I went to see my Naturopath in April of 2009, after my last test, an MRI of my brain, only showed the usual spotting for people who get regular headaches and my last blood work showed Vitamin D levels in the single digits, continued low iron levels and still normal TSH (what the pituitary gland produces to stimulate the thyroid to produce T4 and T3) and T4 (the amount ofthyroxine in the blood that the thyroid produces) levels. I explained everything in detail. My liver was hot, which said to him something was making it not work right. I never once connected that my symptoms worsened after starting the Synthroid and could have beat myself up over missing that with my experience with medications – I was certified by the Kentucky Board of Nursing in Medication Administration for 10 years. We had a discussion of natural supplements to help manage my thyroid and he showed me a kinesiology (the science of human movement) trick to use when choosing a supplement.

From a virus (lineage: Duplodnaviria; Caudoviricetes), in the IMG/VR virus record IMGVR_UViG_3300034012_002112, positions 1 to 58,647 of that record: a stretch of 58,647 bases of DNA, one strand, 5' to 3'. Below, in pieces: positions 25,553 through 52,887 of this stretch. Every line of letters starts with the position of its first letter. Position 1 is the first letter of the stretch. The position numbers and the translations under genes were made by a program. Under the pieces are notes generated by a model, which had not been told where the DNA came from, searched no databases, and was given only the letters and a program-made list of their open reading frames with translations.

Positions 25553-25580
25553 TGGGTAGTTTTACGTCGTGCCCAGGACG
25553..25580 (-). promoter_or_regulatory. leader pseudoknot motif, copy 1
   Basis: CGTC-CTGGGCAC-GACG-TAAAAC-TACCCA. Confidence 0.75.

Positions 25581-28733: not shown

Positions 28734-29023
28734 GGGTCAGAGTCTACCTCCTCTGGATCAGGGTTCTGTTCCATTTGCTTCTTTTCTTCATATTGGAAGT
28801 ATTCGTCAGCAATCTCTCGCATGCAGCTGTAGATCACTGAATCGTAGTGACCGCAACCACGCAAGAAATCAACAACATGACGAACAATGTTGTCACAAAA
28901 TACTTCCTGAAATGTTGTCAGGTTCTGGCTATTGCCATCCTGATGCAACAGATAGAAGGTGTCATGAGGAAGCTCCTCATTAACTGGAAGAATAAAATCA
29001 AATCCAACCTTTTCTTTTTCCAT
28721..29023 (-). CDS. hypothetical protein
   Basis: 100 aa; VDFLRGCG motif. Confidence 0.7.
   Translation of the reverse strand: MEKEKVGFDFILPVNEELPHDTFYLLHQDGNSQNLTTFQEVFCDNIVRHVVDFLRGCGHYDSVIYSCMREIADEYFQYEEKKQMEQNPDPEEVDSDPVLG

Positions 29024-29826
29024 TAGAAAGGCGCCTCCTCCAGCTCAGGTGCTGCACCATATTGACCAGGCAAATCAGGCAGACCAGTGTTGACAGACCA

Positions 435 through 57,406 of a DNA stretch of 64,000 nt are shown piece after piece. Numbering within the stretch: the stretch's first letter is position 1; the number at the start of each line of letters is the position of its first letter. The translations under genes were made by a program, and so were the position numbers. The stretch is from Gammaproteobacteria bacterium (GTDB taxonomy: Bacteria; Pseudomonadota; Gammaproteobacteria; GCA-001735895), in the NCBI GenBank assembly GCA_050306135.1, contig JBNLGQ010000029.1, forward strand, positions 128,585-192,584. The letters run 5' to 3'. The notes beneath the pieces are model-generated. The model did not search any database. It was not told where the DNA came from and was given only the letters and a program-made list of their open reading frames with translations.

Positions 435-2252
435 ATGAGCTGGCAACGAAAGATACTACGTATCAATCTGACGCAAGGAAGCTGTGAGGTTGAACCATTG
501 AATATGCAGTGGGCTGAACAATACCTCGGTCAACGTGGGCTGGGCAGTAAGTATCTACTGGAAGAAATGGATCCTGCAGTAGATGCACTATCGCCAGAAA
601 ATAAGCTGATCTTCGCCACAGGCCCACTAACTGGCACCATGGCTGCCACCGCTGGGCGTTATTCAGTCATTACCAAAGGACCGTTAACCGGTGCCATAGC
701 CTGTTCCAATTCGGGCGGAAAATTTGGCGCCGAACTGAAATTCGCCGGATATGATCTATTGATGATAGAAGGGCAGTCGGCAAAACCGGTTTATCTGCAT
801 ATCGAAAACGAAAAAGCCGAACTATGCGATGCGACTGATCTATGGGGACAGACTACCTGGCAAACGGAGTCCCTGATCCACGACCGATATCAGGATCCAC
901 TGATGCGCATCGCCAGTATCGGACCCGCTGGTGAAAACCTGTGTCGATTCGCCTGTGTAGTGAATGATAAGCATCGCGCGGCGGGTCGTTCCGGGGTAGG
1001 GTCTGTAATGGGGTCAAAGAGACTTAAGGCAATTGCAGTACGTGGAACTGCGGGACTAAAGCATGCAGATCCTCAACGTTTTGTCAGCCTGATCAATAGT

I tried several natural supplements before I found the one that really worked for me. I also discovered that any supplement with “thyroid” in it made me feel like Synthroid within hours after taking it. While I felt better overall, I wasn’t 100%. I still thought something was missing. An idea popped in my head one day that God intended our food to be exactly what we needed. It was one of those common sense ideas. People hundreds of years ago lived just fine off the land. There was no such thing as refined or processed foods. I made a mental note to research it more later on because we were flying out to Los Angeles to spend Thanksgiving with my best friend and her family. We got together with some friends from high school. Okay, friends from marching band in high school. That’s where I met my best friend. During the course of multiple conversations, I found out one of our friends also has hypothyroidism. This friend mentioned that Jillian Michaels had a new book out and that Jillian was also diagnosed with hypothyroidism.